The Ancient Rite of Candlelight in Lacombe Cemeteries
By Polly Morris
By Polly Morris
The night of November the first, it will happen all over again... just as it has happened for so many years that no living person can say when it truly started.
The people who care about an old custom will leave their homes when the last rays of the sun kiss the tops of the tallest pines. At twilight time they will be in the cemeteries, and when the Evening Star begins to twinkle in the dusky sky, they will move like shadows among the shadows, lighting hundreds of candles. One by one the flames dispel the deepening darkness, and soon the area is ablaze with light.
Each cross, each coping, each crypt is dazzling white, creating an unforgettable scene of haunting, heartbreaking beauty.
The people who have kept alive the lovely candlelight custom do not know why or when it originated. It has always been so,they say, so they continue an observance that was old when their grandfathers were yet unborn.
Ancient Beyond Recall
And they are quite right in their uncertainty, for no one can accurately pinpoint when it began. No doubt the All Saints celebration was brought to Louisiana by the European settlers in the 1700's, and was believed to be a Catholic custom dating back to the 9th Century. However the Celts were having a celebration to their Sun God on or about that date several centuries previous. They in turn could have inherited it from the primitive people who feared evil spirits and burned fires to protect them and their dead from unknown forces.
It is quite probable that the Church followed the usual practice of having Christian celebrations fall on a pagan celebration deliberately. In time the old customs were overshadowed by the new ones which closely followed the pagan rites, but with Christian overtones. Recent Legends The very ancient stories of evil spirits and the dead coming back for a visit home on one night a year is superstition, but the true stories of recent times are equally interesting, and rapidly becoming legends of their own.
At the Williams Cemetery there is a grave of Papa George, but as no one knows where it is now, his spot changes occasionally. No one knew Papa George's last name, says Henry Cousin, but he came in on a schooner to Lacombe, and fell into Bayou Lacombe and drowned. He was buried in the Williams Cemetery, and the children started clearing off a place for his grave somewhere and lighting him a candle. In keeping with the cusom that every grave, even those who are usually neglected, must have at least one candle... just because.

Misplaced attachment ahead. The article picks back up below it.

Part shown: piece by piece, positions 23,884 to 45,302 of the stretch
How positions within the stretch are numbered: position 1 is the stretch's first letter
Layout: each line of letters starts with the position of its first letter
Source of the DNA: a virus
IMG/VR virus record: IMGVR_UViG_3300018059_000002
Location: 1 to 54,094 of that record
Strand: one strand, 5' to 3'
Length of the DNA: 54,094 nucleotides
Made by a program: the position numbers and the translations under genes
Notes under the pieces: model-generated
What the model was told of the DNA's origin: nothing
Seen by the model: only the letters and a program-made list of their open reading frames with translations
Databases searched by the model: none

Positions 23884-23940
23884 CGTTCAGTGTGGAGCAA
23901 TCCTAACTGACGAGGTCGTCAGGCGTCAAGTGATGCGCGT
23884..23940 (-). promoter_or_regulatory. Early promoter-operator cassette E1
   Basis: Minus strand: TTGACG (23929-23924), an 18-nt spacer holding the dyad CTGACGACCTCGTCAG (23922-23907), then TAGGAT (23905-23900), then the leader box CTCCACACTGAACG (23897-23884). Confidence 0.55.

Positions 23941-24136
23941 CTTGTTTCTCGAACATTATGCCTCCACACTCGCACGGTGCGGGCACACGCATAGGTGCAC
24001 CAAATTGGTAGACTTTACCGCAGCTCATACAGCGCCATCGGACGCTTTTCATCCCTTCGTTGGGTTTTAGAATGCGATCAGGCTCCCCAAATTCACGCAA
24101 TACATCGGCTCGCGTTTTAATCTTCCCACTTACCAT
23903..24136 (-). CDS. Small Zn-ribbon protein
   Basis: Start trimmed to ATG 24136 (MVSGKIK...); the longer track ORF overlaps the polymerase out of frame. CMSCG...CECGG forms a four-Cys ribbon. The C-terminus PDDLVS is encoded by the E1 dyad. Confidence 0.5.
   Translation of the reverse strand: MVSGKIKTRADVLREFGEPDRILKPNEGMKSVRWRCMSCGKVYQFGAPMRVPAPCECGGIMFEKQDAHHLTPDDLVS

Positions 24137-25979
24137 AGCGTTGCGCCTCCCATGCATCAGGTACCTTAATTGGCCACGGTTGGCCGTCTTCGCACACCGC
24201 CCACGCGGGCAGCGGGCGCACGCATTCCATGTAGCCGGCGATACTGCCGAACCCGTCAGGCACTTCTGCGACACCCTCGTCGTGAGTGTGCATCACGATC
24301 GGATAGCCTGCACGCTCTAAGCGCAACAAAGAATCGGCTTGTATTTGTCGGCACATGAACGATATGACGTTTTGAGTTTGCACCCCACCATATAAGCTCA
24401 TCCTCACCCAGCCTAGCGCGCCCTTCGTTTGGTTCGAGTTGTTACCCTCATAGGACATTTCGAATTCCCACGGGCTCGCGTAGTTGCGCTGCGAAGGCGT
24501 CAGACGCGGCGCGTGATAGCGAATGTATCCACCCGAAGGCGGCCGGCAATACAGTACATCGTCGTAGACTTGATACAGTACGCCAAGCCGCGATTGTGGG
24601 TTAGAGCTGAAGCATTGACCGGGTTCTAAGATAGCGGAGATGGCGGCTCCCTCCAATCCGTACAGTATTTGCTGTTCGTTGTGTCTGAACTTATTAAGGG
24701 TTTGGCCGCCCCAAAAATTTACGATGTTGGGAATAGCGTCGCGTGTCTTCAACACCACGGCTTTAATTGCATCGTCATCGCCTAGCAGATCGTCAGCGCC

The Osey Ordogne Cemetery has its little story too. Raymond Cousin, part owner and manager, says his great-great grandfather owned the property and lived a short distance from the cemetery in a house that is no longer standing. There was no cemetery there until Osey Ordogne found a dead man in the nearby Bayou Lacombe.
The man was a stranger to Ordogne, but he buried him on the property and thus started the little graveyard. Now Osey Ordogne lies in the cemetery he once started with a dead stranger, and his grave is cared for by his great-great grandson, Raymond Cousin.
Cousin says that the stranger's grave is unknown now, and that, like almost every old cemetery, there may be two or more occupants in one sight. But no one knows, for in five or six generations, some old graves would be forgotten.
Unique in 20th Century
The custom of putting candles on the graves was once a popular celebration. The cities frowned on it, and finally declared it illegal because it created a fire hazard in the dry month of November. Which is quite understandable for New Orleans, which suffered greatly from fires. All Saints Day was kept in the country communities for some time, and there are a few places that observe it now. But the custom seems to be dying out more and more, except in Lacombe.
It seems to be getting better, in fact, for there is a gentle rivalry between cemeteries and people. Henry Cousin says, "It's like everyone wanting to have their house and their yard looking better than a neighbors. Well, we take a pride in having our graves and tombs look good on All Saints Day, because if they don't, there is always someone who notices."
The candlelight custom is not only a beautiful tradition. There is something special about it that is completely unlike the usual morbidity associated with death. There seems to exist a sort of communication between the living and the dead. The whole family goes to the graveyard to whitewash the tombs and crosses, and children play among the gravesites quite complacently.
There are large graves and little ones, and a sister indicated a small site and said, "That is my little brother." And the word "is" was quite noticeable.
Yesterday, today, and tomorrow seem to blend in the little cemeteries. None of them are too far from a stream, for in the days before roads, a funeral procession was a parade of pirogues on the bayous. It is also easy to imagine the people coming in pirogues with wax myrtle candles and coxcomb and torches to light the way.
Time seems to stand still on All Saints Day, when the people come again with candles and light a glow that reaches even to the tops of ancient trees. Motorists slow down, and some go into the cemeteries, for a candlelit graveyard is an impressive sight. Few leave without a lump in their throat and perhaps a little prayer. Like ... "As it has happened tonight, and in ancient times, please God . . . keep it happening forever and ever. . . "
History Theories About Cemetery Candlelight Ceremonies